A graduate of Georgetown University and Harvard University, she began her media career as a producer for Huckabee on Fox News and later worked as a commentator on CNN. In 2017, she was appointed national spokesperson for the Republican National Committee and on April 7, 2020, was appointed as White House Press Secretary in the Trump Administration.
In 2012, she promoted birther conspiracy theories about President Barack Obama. At the start of the 2016 presidential election, she was critical of then-candidate Trump, calling his remarks about Mexican immigrants “racist” and suggesting it was “inauthentic” to call him a Republican. However, during the campaign, she became a staunch pro-Trump commentator. At her first appearance as Trump’s press secretary, she was questioned by reporters and promised she would never lie.
Born and raised in Tampa, Florida, McEnany is the daughter of commercial roofing company owner Michael McEnany and Leanne McEnany. McEnany was educated at the Academy of the Holy Names, a Catholic preparatory school in Tampa. After leaving school, she majored in international politics at Georgetown University‘s School of Foreign Service in Washington, D.C. and she studied abroad at St Edmund Hall, Oxford. While at Oxford, she was taught politics by future British Shadow Home Secretary Nick Thomas-Symonds. After graduating from Georgetown, McEnany spent three years as a producer on the Mike Huckabee Show.
From there, McEnany enrolled at the University of Miami School of Law, before transferring to Harvard Law School. Huckabee said that “one of the reasons [McEnany] went on to law school was because she didn’t see she was going to have an on-air opportunity at Fox anytime soon.” At the Miami School of Law, McEnany was a recipient of the Bruce J. Winick Award for Excellence, a scholarship awarded to students in the top 1% of their class. She graduated from Harvard in 2016.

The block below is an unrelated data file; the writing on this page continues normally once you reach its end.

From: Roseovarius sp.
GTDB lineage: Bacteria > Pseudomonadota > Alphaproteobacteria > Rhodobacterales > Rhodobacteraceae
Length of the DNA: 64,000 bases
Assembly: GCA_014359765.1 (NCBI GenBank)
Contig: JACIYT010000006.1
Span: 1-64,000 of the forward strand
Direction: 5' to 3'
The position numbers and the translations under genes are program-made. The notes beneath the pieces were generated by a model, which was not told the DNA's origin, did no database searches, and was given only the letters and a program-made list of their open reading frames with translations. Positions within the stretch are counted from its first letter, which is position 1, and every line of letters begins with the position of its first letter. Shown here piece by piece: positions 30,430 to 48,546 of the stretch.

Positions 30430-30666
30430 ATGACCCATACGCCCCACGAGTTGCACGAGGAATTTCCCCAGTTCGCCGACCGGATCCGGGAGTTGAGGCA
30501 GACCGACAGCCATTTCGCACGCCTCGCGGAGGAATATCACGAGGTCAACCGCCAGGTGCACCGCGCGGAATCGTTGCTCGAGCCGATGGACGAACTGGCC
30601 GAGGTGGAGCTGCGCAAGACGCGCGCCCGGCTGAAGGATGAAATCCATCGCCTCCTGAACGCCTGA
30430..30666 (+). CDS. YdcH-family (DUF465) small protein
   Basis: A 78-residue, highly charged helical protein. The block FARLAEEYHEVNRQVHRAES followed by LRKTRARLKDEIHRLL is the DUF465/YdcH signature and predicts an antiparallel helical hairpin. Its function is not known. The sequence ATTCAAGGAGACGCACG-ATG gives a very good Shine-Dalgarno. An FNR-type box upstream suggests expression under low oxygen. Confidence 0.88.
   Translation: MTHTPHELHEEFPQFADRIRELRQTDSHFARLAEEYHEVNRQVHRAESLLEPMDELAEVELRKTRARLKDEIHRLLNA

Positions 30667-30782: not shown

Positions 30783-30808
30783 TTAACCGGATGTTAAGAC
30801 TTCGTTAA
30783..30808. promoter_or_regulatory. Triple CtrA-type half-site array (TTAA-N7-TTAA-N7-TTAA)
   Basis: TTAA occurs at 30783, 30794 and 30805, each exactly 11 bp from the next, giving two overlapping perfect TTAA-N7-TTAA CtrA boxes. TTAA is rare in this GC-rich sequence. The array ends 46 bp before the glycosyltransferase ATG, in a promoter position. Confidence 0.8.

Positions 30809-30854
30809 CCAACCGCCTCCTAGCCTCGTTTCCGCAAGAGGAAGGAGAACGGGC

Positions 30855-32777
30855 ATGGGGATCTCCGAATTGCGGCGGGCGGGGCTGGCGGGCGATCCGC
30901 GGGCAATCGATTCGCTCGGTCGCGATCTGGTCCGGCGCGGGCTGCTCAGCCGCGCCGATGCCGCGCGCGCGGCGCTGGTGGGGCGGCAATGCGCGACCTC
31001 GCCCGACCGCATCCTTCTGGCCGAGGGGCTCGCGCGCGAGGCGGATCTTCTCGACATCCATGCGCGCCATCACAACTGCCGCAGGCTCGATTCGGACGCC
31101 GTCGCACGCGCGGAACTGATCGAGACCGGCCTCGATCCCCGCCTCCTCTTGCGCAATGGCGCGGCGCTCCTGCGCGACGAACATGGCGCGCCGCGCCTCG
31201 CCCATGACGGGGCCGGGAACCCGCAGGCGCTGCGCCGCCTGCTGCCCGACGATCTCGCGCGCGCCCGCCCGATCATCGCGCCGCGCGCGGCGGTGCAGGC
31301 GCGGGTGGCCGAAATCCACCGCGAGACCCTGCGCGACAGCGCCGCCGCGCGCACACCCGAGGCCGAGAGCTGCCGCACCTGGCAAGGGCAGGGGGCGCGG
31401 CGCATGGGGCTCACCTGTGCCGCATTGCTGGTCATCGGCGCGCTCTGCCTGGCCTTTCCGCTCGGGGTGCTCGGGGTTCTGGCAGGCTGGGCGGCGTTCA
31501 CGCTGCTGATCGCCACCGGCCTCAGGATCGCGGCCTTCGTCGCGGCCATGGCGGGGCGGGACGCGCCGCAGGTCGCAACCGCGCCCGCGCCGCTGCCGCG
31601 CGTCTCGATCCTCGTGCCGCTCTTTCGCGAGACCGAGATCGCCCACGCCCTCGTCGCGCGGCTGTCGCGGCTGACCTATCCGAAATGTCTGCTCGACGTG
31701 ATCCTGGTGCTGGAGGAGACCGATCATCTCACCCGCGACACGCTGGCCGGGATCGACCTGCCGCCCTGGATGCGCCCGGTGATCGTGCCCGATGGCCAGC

As a college student, McEnany interned for several politicians, including Tom Gallagher, Adam Putnam and George W. Bush, and later worked in the White House Office of Communications, where she wrote media briefings.
While in law school, McEnany appeared on CNN as a paid commentator and although not initially a supporter of Donald Trump, went on to support him in the 2016 presidential election. However, in early 2015, before becoming a Trump supporter, McEnany was highly critical of him, declaring on CNN and Fox that “Donald Trump has shown himself to be a showman” and it was “unfortunate” and “inauthentic” to call him a Republican. McEnany called his comments about Mexican immigrants “racist.” She began supporting Trump after receiving advice over cocktails from Michael Marcantonio, a fellow summer associate at a law firm and a Democrat. He told her “Donald Trump is going to be your nominee,” and if “a smart, young, blond Harvard graduate” wanted “to get on television and have a career as a political pundit, you would be wise to be an early backer”. According to The Guardian, she took this advice.